Mental Grit & the Tough Mudder Finish Line

There is nothing much like being at a Tough Mudder finish line in the world. Watching the emotion on people’s faces as they set their resolve and drive hard towards the finish of a grueling 10-12 mile course.

no mudder left behind

Every person crossing that line has fought their own battle out on the course and maybe now their life has changed forever. Being at a Tough Mudder race contains some of the key ingredients for having a rewarding personal experience, such as overcoming personal fears and limitations, getting millions of people off the couch to participate in a new event, the opportunity to focus on teamwork while striving towards a collective goal and a sense of accomplishment that you earned the orange headband the finish line volunteers place on your head as you cross.


Camaraderie and teamwork are notoriously present in every aspect of completing a Tough Mudder- from the obstacles such as Everest, requiring the help of teammates to get over to the groups that link arms and finish with an exhausted but satisfied smile on their faces. This same teamwork is missing in many other areas of life. America’s culture has increasingly become an “every man for himself” perspective. Not many areas of life will find fellow competitors stopping to help a fellow athlete (and many times complete stranger) as he’s struggling to make his way through an event.

All of us who participate regularly in OCR (obstacle course racing) have heard about times when people who have never met before have met and made new friends on courses, friendships that may continue even after the finish line is crossed and the celebratory beer drank. In my opinion, obstacle racing is one of the most amazing things in the world. Thousands of people with every body type and fitness level imaginable show up to complete a course, smiling the entire time, pushing themselves to exhaustion, helping others over, under and through various obstacles with various skill levels. What sets Tough Mudder apart is that there are no “elite” competitors; you’re just as likely to find a 6 foot bodybuilder at the top of Everest waiting to help people over as you are someone who’s never competed or completed a race in his or her life. People who, in the outside world would never rub shoulders, encourage each other, push each other, laugh together and cry with each other.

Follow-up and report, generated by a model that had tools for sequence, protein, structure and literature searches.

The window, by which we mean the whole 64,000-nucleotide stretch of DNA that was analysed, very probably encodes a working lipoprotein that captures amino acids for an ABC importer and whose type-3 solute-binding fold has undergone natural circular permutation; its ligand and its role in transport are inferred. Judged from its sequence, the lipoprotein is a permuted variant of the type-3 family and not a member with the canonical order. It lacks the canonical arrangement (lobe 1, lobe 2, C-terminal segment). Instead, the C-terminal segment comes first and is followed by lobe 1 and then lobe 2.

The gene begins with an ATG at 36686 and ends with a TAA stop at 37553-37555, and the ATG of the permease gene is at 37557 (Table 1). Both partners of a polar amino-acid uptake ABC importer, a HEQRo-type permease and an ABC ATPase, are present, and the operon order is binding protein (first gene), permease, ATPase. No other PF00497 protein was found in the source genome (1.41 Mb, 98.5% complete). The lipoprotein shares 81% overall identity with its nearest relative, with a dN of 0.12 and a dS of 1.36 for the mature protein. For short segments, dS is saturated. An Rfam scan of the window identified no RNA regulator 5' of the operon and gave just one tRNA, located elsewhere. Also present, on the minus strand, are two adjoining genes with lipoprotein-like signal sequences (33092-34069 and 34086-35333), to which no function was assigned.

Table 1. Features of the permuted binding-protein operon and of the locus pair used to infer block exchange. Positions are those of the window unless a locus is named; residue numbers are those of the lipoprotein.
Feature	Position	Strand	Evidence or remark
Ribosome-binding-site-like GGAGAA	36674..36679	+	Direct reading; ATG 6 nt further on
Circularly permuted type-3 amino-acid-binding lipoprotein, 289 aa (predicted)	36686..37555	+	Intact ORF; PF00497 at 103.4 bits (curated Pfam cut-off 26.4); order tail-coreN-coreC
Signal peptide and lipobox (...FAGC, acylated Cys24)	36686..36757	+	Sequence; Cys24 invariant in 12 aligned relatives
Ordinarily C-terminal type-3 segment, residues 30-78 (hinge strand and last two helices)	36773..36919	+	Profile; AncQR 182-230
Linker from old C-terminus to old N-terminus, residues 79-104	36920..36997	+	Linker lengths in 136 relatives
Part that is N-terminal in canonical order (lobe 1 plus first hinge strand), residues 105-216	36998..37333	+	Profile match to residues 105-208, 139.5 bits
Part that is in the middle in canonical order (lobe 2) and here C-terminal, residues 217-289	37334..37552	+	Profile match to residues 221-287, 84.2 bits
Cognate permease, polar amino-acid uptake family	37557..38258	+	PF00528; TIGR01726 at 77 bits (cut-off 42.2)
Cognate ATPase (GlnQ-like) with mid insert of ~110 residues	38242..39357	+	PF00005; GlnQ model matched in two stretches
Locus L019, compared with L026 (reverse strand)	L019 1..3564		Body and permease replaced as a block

tough mudder gulf coast

The truth about completing an OCR is that every pain, every agony, every moment of doubt you suffer brings ten times the reward. Finding your inner strength to keep going even when you tell yourself you can’t; using every last bit of mental resolve to make it through the final obstacles to get to the finish line; offering a helping hand to someone who is clearly struggling- be it mentally overcoming a fear or physically having difficulty completing the task at hand.


While everyone has different opinions on the various obstacle races, one thing is certain: obstacle racing brings out the beauty of the human spirit. The mental grit that’s necessary to get yourself from start to finish is shown in every aspect of the participants struggling through a tough course. If you need to be reminded that goodness still exists in others, participate in an obstacle race. You’ll see that in the face of adversity, teamwork conquers all doubts.

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3 thoughts on “Mental Grit & the Tough Mudder Finish Line”

  1. SOMEDAYYYYY! *-* Reading your posts makes me super want to do one in the near future, although I’m seriously going to have to actually start running again if I want to be able to finish it without dying, haha. My friends and my brother got to do this a couple years back and I was supposed to do it with them, but then I got into grad school and had to move across the country. (Oh, priorities.)
    Farrah recently posted…Review: Grunge Gods & GraveyardsMy Profile

    1. I just read something that made me think of you…it was a meme about med school students and it said, “Graduation day: the date I give people when they ask me when I’m free to hang out.” Lol. You’ll get there one day! Pursuing a great career is very important too!

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